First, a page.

Pretty sure I’ve mentioned in a previous post that I have a bit of a soft spot for small towns. Not sure how I’d go living in one for a long time, but they sure are lovely places to visit. One of my most favourite places in Japan was a small rural town: Otaru is located somewhere west of Sapporo, in Hokkaido, and we visited on February 8th.
Otaru is only about half an hour from Sapporo by train. Things like this amaze me because sometimes it takes over half an hour to get from one part of Brisbane to another by train – on one train line, travelling through the same city!
A few friends of mine (BL, RX, MC) were also in Sapporo for the Snow Festival, so KF and I met up with them in the morning, and we headed off to Otaru together. The train was surprisingly packed for mid/late morning on a weekday. Nevertheless, we got some good views of the sea as we neared the town (Otaru is right by the coast of Hokkaido).
The Otaru Fish Market is quite close to the main train station there, so it was basically a given that this would be our first pit stop. Of course, it wasn’t really massive or anything (like you see in Tokyo or other big cities) but it had that ever familiar market atmosphere with shops and stalls brimming with fresh seafood of all sorts, and friendly people at every door to sell the goods.
There’s also a scattering of restaurants along the fish market, where you can sample the seafood without having to do any of the prep yourself. One of my most memorable meals in Japan was from this fish market: sashimi salmon, scallops and sea urchin, served with rice, and soup on the side. Just absolutely frickin’ delicious, fresh seafood. It made all the difference.
After lunch, we set off to explore the town. The main reason I included Otaru in our itinerary was because of the Snow Light Path, which, I suppose, is Otaru’s answer to Sapporo’s Snow Festival, and to Asahikawa’s Winter Festival. So, basically, we had all afternoon to wander around, and wait for nightfall.
The great thing about small towns is that you can get pretty much anywhere by just walking. A short walk from the fish market is Le TAO Bakery, which is famous for its amazing cakes. Well, my friend told me they’re famous – I mean she must’ve heard about them from somewhere, so I suppose they’re famous to some extent. Anyway, the cakes were amazing – a pretty decent selection too. Besides, can’t go wrong with reputable Hokkaido dairy, right? I enjoyed every bite.
After Le TAO, we stumbled upon a little mall not dissimilar to the main one in Sapporo – just scaled down a bit, and less crowded. Down a little side street from this mall, we found a quaint little shop selling miscellaneous snacks and other edible goodies. In the back of the shop, there was a window through which you could watch a man make these pea cookies (I really don’t know how else to describe them). I bought some for the sake of it, and they were so good – nice and crunchy. And because they had peas, I could convince myself that they were at least somewhat good for me.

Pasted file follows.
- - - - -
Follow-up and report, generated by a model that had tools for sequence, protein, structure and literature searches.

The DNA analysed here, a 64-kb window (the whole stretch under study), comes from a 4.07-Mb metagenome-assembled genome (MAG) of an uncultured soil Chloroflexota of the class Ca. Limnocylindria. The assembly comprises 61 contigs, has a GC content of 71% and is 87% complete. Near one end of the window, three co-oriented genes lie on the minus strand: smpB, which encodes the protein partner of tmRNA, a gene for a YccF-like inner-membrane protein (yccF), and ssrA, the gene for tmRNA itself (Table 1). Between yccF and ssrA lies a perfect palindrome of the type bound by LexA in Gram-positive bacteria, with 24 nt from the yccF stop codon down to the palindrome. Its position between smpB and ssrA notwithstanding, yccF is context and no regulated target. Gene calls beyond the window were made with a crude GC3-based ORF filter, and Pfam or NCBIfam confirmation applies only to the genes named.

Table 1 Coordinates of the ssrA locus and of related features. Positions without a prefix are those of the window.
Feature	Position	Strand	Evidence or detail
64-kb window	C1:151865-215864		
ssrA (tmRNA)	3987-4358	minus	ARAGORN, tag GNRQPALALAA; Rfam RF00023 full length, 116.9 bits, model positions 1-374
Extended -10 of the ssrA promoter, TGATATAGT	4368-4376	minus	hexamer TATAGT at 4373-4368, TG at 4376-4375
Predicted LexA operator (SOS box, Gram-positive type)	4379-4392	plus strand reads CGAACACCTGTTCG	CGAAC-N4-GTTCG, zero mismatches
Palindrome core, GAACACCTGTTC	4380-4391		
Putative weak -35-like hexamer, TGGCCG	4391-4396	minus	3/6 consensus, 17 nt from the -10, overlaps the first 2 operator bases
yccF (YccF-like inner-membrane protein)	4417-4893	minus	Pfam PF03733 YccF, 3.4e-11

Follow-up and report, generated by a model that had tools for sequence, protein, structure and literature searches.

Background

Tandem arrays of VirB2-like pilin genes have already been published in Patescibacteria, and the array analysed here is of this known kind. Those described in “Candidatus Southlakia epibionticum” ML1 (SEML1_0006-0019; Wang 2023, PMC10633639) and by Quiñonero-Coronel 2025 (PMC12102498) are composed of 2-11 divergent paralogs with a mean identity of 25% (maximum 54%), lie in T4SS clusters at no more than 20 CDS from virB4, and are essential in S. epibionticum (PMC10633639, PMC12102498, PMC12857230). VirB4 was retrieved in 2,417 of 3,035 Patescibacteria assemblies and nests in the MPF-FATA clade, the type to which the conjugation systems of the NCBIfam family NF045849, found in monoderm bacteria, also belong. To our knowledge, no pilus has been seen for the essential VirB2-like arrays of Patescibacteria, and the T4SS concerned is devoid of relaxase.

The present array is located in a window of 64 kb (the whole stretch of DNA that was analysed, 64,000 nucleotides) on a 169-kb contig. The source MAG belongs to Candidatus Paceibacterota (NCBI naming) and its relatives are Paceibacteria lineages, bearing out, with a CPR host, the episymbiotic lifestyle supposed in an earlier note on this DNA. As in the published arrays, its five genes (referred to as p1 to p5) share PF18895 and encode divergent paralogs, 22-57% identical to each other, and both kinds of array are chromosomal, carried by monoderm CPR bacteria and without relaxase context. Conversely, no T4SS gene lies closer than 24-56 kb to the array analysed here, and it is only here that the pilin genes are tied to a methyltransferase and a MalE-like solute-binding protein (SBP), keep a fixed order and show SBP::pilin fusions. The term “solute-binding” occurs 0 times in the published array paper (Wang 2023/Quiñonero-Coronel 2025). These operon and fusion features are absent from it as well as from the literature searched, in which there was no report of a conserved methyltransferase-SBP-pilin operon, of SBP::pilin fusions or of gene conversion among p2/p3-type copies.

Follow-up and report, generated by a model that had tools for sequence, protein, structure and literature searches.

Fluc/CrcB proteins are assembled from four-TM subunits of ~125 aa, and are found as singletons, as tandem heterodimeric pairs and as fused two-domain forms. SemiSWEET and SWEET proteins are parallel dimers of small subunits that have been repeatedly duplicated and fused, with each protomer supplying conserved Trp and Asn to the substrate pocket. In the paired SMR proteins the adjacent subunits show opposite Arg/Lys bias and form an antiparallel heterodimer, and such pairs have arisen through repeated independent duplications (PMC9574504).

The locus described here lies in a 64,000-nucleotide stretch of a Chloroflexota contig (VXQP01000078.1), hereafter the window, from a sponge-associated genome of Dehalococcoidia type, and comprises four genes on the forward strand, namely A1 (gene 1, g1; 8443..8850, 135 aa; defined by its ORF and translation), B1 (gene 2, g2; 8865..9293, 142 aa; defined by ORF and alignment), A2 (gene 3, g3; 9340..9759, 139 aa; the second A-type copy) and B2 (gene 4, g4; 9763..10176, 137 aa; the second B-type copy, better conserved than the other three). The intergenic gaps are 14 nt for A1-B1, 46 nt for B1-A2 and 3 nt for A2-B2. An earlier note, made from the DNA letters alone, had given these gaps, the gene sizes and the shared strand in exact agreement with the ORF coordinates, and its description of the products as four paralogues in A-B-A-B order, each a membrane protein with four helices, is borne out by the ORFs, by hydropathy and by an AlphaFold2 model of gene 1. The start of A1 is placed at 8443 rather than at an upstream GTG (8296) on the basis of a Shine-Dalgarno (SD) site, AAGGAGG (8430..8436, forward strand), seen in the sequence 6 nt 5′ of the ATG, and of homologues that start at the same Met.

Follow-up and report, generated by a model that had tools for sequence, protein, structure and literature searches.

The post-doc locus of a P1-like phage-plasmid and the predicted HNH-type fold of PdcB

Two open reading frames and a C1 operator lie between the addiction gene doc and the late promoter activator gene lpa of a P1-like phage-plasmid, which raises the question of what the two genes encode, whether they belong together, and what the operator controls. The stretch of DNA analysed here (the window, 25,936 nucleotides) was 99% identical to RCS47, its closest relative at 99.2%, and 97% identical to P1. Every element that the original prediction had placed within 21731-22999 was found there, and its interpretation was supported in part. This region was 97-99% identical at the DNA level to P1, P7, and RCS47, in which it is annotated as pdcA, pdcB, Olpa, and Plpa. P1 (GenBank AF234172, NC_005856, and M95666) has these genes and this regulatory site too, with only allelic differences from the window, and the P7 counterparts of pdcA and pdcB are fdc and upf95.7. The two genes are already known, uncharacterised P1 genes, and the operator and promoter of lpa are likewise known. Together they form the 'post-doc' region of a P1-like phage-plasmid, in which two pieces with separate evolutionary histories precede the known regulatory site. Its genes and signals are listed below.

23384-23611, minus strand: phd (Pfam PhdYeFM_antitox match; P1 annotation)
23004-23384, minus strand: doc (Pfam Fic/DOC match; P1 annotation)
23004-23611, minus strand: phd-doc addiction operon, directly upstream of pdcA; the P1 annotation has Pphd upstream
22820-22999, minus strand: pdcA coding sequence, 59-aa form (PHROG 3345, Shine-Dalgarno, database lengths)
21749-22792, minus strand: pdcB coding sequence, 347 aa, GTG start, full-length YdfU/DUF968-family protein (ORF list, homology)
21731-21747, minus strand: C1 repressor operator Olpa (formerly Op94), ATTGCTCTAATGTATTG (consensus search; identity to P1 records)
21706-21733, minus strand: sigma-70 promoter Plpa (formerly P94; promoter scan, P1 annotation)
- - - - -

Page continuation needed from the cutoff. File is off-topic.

I have a photo of the shop front, but I’m saving that for a future Thursday Doors post. If I ever go back to Otaru (which I should if I ever return to Sapporo, which I fully intend to do), I’ll be sure to visit this shop again. Hopefully someone will still be making these pea cookies.
More wandering led us to another cute cluster of cafes, restaurants, etc. For a small town, there sure were a lot of places to eat out. It was in this marketplace – which turned out to be Otaru Denuki-koji – that we found a little crepe shop. And because on holidays it doesn’t matter how much dessert you have, I didn’t need much prompting to go in. I would include a photo of my crepe but the photo doesn’t do it justice (I kind of just took the photo quickly, without much thought, because I just wanted to start eating).
After all this eating, we continued walking up and down some random streets, looking at souvenir shops and searching for some ice-cream shop that’s supposed to do squid ink ice-cream. Unfortunately, we didn’t end up finding this ice-cream shop, but I still had a good time walking around and checking out the buildings, and just absorbing the small-town atmosphere of the place.
This was one of my most favourite photos from our wanderings because of all the snow 😀
Maybe I was just high on sugar and exhilarated by the cold, but I could not resist collapsing into all that snow. At one point, I also tried to instigate a snowball fight (more just playfully throwing little snowballs around than anything resembling a real fight), and made a tiny snowman somewhere. Good times, good times…
And after all this, I’m sure we’d only just seen the tip of Otaru’s metaphorical iceberg! If/when I make a return visit, I think I might stay a night or two, and do some more exploring (and eating!)